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How to protect yourself from SIM SWAP fraud

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By Advocate Prashant Mali, a noted cyber law expert

Today, a Mumbai newspaper reported that a businessman lost Rs 1.86 crore due to SIM SWAP fraud. Using this technique, the hackers obtained a new SIM in his name and succeeded in transferring money to 14 accounts across the country.

This has been a popular technique among hackers and cases related to SIM SWAP frauds alone has made citizens lose more than Rs 200 crores.

I have clients who have lost money ranging from Rs 1.25 crore to Rs 30,000 using SIM Exchange or SIM Swap. For your knowledge, none of these clients were computer illiterate. As the name suggests, someone may buy a new SIM from the same network provider and start to operate all your banking transactions. The bank will not differentiate between you and the fraudster, as the account is operating from the same number. Even mobile operators are also unable to track such frauds and sometimes abet the crime by faulty KYC checking.

Let us look at how the hackers commit fraud by looking into each step:

1) Fraudsters gather your information: The first step they do is to gather your personal information. Usually, they try to access your personal information by phishing, Vishing, Smishing or by using Trojans or malware. They also try to gather your banking details using the same method.

2) Fraudsters request or visit mobile operator to block your SIM: They approach mobile operator with genuine customer fake ID proof and request operator to block the SIM. They provide the reason as loss of handset or SIM damage.

3) Issuance of new SIM to fraudster: After due verification, a mobile operator issues a new SIM with the same number to a fraudster. This is because even for a mobile operator it is hard to find a genuine customer. They issue the duplicate SIM to a fraudster. Once this new duplicate SIM is issued, then the genuine customer mobile phone will be without a network. Therefore, a genuine customer does not receive the SMS alerts on the phone.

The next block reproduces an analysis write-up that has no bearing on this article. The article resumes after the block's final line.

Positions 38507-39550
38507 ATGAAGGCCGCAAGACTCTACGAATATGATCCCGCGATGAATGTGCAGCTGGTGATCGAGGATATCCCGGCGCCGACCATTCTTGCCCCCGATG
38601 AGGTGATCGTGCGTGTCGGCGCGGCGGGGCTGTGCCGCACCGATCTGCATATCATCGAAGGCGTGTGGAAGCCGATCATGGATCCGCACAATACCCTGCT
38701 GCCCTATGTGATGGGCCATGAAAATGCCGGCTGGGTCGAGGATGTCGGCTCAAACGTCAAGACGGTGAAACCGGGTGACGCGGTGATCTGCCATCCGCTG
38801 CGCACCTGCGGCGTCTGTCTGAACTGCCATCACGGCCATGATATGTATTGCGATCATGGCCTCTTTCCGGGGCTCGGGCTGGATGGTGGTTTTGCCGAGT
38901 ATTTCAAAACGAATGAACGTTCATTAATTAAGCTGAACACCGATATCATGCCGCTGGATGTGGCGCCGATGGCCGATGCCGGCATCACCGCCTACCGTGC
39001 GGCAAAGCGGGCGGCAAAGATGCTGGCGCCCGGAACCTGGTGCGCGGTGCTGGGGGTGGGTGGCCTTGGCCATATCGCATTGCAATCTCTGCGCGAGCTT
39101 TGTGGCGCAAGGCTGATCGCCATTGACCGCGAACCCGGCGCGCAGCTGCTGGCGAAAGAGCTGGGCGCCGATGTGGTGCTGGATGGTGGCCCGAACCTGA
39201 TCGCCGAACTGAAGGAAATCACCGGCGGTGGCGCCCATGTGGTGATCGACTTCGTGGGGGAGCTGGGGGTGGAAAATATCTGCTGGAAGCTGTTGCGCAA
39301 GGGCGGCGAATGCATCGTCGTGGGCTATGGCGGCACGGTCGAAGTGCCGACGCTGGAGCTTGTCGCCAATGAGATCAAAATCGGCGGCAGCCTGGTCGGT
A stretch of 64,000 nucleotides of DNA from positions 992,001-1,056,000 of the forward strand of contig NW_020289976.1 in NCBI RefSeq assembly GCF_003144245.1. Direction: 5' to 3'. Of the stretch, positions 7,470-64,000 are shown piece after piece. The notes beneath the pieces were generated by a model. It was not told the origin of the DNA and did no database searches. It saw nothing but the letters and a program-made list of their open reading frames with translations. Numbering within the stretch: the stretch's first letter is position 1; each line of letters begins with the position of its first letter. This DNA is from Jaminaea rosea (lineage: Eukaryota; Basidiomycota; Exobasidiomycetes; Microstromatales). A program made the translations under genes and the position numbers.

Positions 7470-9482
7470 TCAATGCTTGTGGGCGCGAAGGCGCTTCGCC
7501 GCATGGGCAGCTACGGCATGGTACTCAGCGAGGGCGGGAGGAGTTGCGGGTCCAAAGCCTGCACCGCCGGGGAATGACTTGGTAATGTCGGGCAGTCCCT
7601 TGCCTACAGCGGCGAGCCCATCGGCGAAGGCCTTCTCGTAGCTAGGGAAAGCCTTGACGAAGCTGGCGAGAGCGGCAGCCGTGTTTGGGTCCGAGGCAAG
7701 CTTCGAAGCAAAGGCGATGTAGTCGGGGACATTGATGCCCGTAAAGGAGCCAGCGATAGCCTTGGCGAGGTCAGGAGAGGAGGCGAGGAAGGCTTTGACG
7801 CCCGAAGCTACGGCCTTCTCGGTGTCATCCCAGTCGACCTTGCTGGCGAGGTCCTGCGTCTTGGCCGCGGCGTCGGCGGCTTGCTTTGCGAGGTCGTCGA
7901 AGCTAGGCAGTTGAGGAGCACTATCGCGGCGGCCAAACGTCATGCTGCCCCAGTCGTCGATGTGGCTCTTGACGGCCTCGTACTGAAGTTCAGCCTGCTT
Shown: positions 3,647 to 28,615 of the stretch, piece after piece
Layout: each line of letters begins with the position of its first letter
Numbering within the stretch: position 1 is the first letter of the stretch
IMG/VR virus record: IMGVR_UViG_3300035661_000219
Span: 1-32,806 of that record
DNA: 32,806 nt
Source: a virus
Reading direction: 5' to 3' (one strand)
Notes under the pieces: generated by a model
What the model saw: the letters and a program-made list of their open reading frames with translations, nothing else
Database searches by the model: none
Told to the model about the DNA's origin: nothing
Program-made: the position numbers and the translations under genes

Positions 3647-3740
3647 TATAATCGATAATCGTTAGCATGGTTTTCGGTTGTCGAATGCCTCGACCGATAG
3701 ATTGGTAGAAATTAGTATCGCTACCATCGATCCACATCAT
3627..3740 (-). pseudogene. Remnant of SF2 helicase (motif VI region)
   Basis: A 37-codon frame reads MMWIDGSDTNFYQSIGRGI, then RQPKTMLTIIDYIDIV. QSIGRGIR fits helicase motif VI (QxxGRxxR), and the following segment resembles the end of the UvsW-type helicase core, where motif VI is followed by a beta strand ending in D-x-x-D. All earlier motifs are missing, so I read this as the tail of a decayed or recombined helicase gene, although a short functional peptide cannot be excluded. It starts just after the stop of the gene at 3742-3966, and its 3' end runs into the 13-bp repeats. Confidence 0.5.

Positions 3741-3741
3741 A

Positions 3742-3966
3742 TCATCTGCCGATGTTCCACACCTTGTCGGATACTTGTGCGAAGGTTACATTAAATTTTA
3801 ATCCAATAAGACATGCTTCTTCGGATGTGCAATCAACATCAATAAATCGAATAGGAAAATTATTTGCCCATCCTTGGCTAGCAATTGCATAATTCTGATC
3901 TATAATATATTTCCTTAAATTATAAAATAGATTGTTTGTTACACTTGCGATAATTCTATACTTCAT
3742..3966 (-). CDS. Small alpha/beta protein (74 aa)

4) Fraudster accesses your bank account with new SIM: Fraudster then initiates financial transactions (from the banking details which he has already stolen) by generating a one-time password (OTP). This new password will be sent to the fraudster’s new SIM but not to a genuine customer. Hence, a genuine customer is kept in the dark.

How do the fraudsters get the bank details?
SIM swapping/exchange is usually phase two of a fraud attack. Initially, they send a phishing email (or other similar phishing attempts) to get all your banking details. These details can also be stolen using Trojans/Malware. They also work towards getting the victim’s personal information and may even go as far as stealing identity and creating fraudulent ID documents.

In order to use all of this gathered information, they need access to the victim’s mobile messages – hence the SIM swap. In some countries, notably India and Nigeria, the fraudster will have to convince the victim to approve the SIM swap by pressing some keys.

Once this happens the victim’s phone will lose connection to the network and the fraudster will receive all the SMS and voice calls intended for the victim. This allows the fraudster to intercept any one-time passwords sent via SMS or telephone calls sent to the victim and circumvent any security features of accounts (be they bank accounts, social media accounts etc.) that rely on SMS or telephone calls.

How to protect yourself from such frauds?
If your phone is out of network continuously for a few hours specifically on weekends, then you have to take it seriously and be alert and complain the same to a mobile operator.

Never switch off your mobile for long periods to avoid unwanted calls. Instead, try not to pick them. Otherwise, activate DND (Do Not Disturb) facility for your SIM.

Regularly check your bank account statement.

Register for both email as well as SMS alerts.

Do not share your 20 digits SIM number mentioned on the back of your SIM with anyone

Do not display your mobile number on social media websites.

In these times, any online authentication or new guidelines while issuing duplicate SIM card has become need of the hour to stop SIM Card SWAP frauds.

If you have an interesting article / experience / case study to share, please get in touch with us at [email protected]


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1 Comment
  1. Krb says

    I think one need to immediately change NetBanking passwords, if phone is out of network continuously for a few hours . This may save a day.

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